Last May after the 2013 draft, Whaley was promoted from assistant general manager to general manager of the Buffalo Bills. Whaley is a well-respected personnel man who for years worked under general manager Kevin Colbert in Pittsburgh. He was hired by Buffalo in February 2010.
With the Bills mired in a playoff drought—they haven't made the postseason since 1999—Whaley wanted to make an impact in his first draft. He indeed made that impact...but with, in my opinion, one of the worst draft-day trades I can remember.
As I mentioned above, he traded the Bills' 2015 first- and fourth-round picks to move up from No. 9 to No. 4. to select wide receiver Sammy Watkins. Yes, Watkins is gifted and my highest-rated receiver, but when you are a poor team, do you mortgage your future with this trade?
Whaley told Peter King of Monday Morning Quarterback:
We’ve got to win. We’ve got to win now. Fourteen years of not making the playoffs. Fourteen years. The people here deserve so much more. We need to give them more. We need to give them a winning team. We need to do it for the people of this region, and we need to do it for Mr. Wilson.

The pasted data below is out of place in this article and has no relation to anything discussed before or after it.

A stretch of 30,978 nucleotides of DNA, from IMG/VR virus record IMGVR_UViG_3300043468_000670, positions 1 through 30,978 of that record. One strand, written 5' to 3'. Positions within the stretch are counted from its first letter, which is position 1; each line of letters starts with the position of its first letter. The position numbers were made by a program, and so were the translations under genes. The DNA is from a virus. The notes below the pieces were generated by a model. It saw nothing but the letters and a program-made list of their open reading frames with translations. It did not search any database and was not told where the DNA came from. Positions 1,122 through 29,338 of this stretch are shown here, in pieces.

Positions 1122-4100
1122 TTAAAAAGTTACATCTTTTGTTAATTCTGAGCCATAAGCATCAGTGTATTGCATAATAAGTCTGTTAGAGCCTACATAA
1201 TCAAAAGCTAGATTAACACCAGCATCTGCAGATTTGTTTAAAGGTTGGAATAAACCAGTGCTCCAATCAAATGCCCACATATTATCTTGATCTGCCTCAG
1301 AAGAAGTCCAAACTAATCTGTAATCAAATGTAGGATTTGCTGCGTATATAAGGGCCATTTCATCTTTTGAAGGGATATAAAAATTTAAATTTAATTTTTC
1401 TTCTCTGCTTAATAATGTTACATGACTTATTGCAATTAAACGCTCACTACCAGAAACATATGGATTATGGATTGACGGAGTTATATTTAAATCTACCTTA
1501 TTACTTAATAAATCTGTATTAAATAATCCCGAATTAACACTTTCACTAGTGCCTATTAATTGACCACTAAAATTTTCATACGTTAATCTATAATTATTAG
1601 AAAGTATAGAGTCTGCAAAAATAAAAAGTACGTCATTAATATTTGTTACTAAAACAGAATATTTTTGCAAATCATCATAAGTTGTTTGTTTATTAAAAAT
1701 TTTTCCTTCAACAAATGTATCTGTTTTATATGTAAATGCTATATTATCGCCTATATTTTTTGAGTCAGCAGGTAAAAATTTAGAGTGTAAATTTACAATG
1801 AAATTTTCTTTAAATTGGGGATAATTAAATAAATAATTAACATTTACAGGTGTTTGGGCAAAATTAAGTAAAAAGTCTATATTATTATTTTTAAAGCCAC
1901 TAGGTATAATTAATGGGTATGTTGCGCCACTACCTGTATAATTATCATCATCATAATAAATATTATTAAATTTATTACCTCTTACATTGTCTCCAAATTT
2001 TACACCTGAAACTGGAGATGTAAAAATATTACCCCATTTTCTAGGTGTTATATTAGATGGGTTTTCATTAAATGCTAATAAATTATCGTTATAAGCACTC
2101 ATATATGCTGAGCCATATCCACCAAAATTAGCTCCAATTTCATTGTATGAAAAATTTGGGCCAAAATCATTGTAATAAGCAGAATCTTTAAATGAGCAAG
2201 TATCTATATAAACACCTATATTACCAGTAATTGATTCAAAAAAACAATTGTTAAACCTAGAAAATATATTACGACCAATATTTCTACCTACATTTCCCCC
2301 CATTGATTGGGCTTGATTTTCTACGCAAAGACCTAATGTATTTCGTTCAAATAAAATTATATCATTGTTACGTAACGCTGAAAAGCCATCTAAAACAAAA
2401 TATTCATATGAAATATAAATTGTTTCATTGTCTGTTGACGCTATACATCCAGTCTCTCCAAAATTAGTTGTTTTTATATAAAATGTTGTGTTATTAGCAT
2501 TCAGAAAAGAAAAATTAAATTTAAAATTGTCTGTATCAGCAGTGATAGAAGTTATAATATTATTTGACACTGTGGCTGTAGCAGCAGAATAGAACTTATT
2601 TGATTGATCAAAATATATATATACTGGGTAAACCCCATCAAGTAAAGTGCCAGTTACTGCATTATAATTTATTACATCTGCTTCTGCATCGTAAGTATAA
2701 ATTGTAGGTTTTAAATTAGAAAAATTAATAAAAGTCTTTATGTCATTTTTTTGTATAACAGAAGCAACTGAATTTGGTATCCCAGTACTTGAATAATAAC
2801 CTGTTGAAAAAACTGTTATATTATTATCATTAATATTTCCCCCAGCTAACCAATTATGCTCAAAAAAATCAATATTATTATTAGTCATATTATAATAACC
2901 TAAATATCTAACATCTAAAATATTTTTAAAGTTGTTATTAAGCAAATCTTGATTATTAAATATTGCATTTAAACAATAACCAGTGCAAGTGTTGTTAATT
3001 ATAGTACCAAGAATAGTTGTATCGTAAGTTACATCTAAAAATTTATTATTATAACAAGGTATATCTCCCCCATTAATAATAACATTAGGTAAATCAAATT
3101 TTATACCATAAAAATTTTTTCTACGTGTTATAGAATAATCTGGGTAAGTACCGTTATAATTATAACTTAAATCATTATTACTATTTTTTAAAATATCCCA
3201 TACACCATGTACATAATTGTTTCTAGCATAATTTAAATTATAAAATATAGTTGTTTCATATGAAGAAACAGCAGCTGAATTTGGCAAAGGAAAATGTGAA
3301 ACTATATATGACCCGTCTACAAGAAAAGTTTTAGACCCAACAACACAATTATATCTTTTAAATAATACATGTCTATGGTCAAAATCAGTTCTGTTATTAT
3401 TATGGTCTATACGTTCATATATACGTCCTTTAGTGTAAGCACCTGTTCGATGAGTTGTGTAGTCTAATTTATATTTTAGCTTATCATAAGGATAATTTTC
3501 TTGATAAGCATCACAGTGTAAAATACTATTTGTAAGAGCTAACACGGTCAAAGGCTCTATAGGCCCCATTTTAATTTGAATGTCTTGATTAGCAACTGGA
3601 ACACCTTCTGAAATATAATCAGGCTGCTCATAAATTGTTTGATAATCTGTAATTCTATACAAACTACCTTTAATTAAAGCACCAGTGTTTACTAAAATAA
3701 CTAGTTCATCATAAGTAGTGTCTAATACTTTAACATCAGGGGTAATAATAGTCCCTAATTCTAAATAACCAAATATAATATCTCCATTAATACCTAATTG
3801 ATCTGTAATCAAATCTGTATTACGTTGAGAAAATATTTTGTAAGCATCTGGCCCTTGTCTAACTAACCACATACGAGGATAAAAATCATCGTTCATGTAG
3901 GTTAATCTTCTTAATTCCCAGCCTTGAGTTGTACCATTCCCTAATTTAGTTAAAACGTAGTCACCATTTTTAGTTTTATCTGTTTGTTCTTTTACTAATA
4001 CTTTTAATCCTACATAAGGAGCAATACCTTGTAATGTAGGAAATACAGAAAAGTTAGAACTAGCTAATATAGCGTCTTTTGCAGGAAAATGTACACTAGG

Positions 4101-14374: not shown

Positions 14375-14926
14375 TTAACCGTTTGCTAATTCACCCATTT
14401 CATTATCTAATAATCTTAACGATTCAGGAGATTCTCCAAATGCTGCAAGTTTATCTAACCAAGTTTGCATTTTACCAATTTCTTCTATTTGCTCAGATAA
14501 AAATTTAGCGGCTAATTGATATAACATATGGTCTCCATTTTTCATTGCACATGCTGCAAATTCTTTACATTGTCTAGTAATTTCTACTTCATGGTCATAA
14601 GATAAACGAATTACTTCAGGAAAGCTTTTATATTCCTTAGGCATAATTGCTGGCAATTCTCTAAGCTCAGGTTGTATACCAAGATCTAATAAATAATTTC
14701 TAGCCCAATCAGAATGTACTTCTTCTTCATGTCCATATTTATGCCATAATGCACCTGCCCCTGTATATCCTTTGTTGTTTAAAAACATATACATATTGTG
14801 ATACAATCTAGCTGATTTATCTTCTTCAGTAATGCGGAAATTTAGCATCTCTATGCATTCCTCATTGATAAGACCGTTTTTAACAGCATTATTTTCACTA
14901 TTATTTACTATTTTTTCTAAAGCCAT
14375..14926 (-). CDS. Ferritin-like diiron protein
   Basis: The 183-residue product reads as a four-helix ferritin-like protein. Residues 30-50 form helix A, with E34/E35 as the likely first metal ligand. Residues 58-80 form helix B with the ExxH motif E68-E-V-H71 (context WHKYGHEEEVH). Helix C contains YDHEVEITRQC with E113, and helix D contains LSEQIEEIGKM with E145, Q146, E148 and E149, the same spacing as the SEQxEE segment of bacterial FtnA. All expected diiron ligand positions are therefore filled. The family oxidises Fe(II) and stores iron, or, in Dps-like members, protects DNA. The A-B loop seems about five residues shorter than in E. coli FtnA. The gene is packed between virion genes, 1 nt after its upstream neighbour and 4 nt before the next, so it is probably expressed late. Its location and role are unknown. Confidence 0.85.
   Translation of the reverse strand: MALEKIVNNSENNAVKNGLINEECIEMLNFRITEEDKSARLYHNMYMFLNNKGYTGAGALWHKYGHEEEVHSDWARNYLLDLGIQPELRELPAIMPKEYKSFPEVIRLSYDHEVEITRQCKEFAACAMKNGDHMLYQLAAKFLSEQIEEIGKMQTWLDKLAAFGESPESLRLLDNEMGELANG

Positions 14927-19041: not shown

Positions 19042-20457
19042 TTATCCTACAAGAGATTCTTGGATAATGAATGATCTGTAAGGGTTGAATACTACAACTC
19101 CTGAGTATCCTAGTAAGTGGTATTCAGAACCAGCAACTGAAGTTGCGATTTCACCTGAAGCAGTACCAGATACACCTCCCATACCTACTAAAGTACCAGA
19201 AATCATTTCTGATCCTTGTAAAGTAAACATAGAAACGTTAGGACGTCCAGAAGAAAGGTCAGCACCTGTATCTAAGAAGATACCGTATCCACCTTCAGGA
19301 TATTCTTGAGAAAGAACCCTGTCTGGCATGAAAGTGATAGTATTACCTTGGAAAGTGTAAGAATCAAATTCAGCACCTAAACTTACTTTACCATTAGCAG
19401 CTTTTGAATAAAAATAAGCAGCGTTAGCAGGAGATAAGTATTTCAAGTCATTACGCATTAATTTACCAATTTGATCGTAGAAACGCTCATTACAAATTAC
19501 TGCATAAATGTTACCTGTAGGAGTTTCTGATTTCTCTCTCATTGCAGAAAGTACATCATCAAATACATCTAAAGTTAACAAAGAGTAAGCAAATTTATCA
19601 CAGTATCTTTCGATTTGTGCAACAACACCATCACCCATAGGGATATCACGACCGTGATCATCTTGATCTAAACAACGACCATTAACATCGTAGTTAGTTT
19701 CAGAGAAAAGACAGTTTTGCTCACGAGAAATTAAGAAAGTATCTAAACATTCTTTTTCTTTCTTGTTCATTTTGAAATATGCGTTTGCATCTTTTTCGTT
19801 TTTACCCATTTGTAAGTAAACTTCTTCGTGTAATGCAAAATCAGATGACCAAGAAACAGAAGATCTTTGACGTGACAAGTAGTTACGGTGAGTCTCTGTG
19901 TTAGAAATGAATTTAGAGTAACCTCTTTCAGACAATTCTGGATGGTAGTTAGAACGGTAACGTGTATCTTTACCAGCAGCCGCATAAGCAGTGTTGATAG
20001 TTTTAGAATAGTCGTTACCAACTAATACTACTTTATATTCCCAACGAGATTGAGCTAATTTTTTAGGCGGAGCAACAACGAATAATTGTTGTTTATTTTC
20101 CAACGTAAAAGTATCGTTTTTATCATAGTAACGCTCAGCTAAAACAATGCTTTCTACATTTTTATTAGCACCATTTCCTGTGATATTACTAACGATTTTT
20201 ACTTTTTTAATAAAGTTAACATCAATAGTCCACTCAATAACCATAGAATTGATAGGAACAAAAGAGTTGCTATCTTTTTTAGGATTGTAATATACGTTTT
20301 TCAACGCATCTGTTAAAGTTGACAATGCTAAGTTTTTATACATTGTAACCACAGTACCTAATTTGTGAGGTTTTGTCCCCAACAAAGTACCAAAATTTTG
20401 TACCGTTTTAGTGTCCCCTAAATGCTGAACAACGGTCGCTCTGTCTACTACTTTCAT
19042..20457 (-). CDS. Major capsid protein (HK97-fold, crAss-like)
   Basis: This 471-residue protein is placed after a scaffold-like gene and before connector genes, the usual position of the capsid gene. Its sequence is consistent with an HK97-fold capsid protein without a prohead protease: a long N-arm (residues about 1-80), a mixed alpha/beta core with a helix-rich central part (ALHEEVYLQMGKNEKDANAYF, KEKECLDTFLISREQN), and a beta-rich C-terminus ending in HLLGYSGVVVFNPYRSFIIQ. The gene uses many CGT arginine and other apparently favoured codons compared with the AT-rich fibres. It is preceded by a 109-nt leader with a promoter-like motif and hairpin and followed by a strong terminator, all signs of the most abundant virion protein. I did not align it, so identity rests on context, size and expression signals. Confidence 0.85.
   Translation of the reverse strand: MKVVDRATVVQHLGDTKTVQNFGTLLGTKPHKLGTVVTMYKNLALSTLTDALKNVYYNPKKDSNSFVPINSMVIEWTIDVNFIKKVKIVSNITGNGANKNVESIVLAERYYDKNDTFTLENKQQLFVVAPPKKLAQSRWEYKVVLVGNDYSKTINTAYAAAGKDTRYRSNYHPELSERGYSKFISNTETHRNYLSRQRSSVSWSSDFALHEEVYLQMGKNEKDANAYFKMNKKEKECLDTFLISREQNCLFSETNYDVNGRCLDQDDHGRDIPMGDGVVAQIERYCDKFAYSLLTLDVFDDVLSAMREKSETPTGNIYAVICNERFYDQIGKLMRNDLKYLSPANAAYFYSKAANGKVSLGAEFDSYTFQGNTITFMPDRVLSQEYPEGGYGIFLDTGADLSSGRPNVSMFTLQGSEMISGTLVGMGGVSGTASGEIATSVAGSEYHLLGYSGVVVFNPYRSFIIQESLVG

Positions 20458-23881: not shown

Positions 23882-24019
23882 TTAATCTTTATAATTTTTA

That is the type of deal you make when you are one player away from a potential championship team, not when you have been out of the playoffs for years.
The Bills aren't one player away. They have a second-year quarterback in EJ Manuel who has yet to prove he is the answer. He spent a good part of his rookie year injured. We won't know about Manuel until the end of the 2014 season, and maybe not even then.